The Martian Chronicles
Arctic Special - Issue 7, Autumn 2000

Learning about past climate conditions in the High Arctic
by Darlene Lim

Darlene and Marianne extracting a sediment core.

Darlene and Marianne extracting a sediment core.
(click for larger image)

The Canadian High Arctic is a distinct region of our planet in the way that it supports life, responds to shifts in the climate, and affects the environments of the rest of the globe. Investigation of High Arctic climate and environmental change is needed to better understand their global effects and to monitor this pristine and sensitive region. This necessitates an understanding of the regionís natural variability and of how it has changed through time. Given the remote and isolated nature of this area, it is not surprising that this past climate data from the High Arctic is sparse. However, through a recent increase in scientific activities geared at understanding High Arctic climate change, this is slowly changing.

One method of retrieving long-term past climate data in the High Arctic involves tapping into the wealth of information trapped in the sediment record at the bottom of the existing (e.g. Sapphire Lake in Haughton Crater) and extinct lakes (e.g. Haughton Crater which became a lake post-impact, but has since drained out) found on Devon Island and other High Arctic sites. Essentially the sediment reads like the pages of a great climate book, since through time organic and inorganic fallout from within and around the lake accumulates and provides a historical climate record that would otherwise be unattainable. By taking a sediment core of the lake we can acquire this precious information. This type of research, aimed at the study of lake history, is termed paleolimnology.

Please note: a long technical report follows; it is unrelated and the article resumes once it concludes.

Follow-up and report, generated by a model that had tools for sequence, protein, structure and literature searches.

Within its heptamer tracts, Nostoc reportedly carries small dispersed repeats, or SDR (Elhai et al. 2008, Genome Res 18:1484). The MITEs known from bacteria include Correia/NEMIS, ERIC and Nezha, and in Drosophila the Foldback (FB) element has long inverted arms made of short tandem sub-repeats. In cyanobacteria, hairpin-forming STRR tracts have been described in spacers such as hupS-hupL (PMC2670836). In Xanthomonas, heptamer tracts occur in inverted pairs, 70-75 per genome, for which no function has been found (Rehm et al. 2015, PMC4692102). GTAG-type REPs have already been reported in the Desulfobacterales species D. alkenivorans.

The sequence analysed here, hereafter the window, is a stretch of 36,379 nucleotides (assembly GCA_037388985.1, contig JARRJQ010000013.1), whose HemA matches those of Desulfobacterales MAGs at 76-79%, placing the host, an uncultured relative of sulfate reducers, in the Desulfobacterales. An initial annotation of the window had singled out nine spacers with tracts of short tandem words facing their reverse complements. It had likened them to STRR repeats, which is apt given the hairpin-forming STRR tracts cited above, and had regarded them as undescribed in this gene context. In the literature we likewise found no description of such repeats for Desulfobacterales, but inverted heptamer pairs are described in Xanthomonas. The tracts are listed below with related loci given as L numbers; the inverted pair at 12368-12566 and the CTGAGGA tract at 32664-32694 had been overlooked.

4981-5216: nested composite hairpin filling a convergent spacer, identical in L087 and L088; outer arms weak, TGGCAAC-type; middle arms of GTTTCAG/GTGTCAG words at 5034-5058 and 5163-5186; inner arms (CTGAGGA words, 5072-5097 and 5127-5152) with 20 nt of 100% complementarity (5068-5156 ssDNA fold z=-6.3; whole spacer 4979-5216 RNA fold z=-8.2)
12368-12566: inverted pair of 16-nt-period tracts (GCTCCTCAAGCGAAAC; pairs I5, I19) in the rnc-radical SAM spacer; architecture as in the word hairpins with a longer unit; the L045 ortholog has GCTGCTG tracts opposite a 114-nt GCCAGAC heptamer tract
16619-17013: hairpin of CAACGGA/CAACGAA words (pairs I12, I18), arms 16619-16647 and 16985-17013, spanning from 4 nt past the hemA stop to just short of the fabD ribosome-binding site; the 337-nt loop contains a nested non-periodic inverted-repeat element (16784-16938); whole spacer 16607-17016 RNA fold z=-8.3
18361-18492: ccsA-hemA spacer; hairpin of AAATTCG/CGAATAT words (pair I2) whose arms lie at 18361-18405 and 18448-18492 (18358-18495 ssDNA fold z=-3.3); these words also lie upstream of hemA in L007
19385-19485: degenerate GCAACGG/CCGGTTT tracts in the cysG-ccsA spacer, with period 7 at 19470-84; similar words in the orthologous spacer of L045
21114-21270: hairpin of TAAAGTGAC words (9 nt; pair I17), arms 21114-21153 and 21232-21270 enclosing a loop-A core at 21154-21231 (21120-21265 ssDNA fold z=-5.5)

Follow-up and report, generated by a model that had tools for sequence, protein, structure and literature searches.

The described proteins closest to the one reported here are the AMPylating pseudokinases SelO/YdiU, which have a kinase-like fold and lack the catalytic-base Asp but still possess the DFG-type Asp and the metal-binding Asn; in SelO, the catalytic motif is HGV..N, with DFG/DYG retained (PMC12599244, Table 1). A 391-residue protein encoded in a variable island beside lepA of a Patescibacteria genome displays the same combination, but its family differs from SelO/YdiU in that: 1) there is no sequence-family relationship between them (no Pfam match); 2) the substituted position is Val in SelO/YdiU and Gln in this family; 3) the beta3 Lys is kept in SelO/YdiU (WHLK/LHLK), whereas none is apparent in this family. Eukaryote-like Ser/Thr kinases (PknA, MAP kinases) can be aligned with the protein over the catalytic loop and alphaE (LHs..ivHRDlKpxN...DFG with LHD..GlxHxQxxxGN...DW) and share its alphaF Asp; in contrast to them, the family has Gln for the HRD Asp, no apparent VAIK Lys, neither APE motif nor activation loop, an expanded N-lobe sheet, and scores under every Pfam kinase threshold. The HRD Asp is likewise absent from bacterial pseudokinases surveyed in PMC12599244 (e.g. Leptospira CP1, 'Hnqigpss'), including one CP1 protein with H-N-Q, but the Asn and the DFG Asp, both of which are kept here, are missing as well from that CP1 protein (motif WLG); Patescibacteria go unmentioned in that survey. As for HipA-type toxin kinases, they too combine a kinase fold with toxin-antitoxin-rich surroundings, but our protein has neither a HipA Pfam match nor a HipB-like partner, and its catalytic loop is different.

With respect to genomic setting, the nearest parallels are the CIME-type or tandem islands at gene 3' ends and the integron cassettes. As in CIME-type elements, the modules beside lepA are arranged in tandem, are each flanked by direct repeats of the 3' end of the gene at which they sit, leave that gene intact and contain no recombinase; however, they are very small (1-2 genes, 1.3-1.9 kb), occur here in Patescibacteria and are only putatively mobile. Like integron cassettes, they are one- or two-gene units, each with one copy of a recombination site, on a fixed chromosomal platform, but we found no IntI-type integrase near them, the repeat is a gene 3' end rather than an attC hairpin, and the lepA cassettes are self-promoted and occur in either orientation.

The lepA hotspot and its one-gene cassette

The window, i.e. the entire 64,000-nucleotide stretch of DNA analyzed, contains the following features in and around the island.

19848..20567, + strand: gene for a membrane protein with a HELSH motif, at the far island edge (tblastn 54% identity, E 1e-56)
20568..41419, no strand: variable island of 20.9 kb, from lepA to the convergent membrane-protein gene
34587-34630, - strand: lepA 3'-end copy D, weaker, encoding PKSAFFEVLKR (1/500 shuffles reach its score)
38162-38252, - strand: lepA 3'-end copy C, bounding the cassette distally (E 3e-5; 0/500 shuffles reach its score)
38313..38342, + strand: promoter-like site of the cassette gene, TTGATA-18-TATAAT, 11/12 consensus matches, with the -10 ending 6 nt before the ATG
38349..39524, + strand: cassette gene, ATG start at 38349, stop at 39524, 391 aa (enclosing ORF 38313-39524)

The biological remains of diatoms, for example, found within these sediment cores, can be used as biological mechanism to track andunderstand past climate change. Diatoms are unicellular algae with glass (siliceous) cell walls, and are used as biological indicators of past climate change, since their populations will shift as their environment shifts, thus allowing us to infer changes in a lakeís climate history. They preserve exceptionally well in the sediment record, and their remains can be incredibly ornate and beautiful (see Feb 1999 National Geographic for more info).

The High Arctic is a beautiful and pristine region, and through further paleolimnological studies we hope to better understand its climate history as a tool for predicting and managing future climate change in this sensitive area.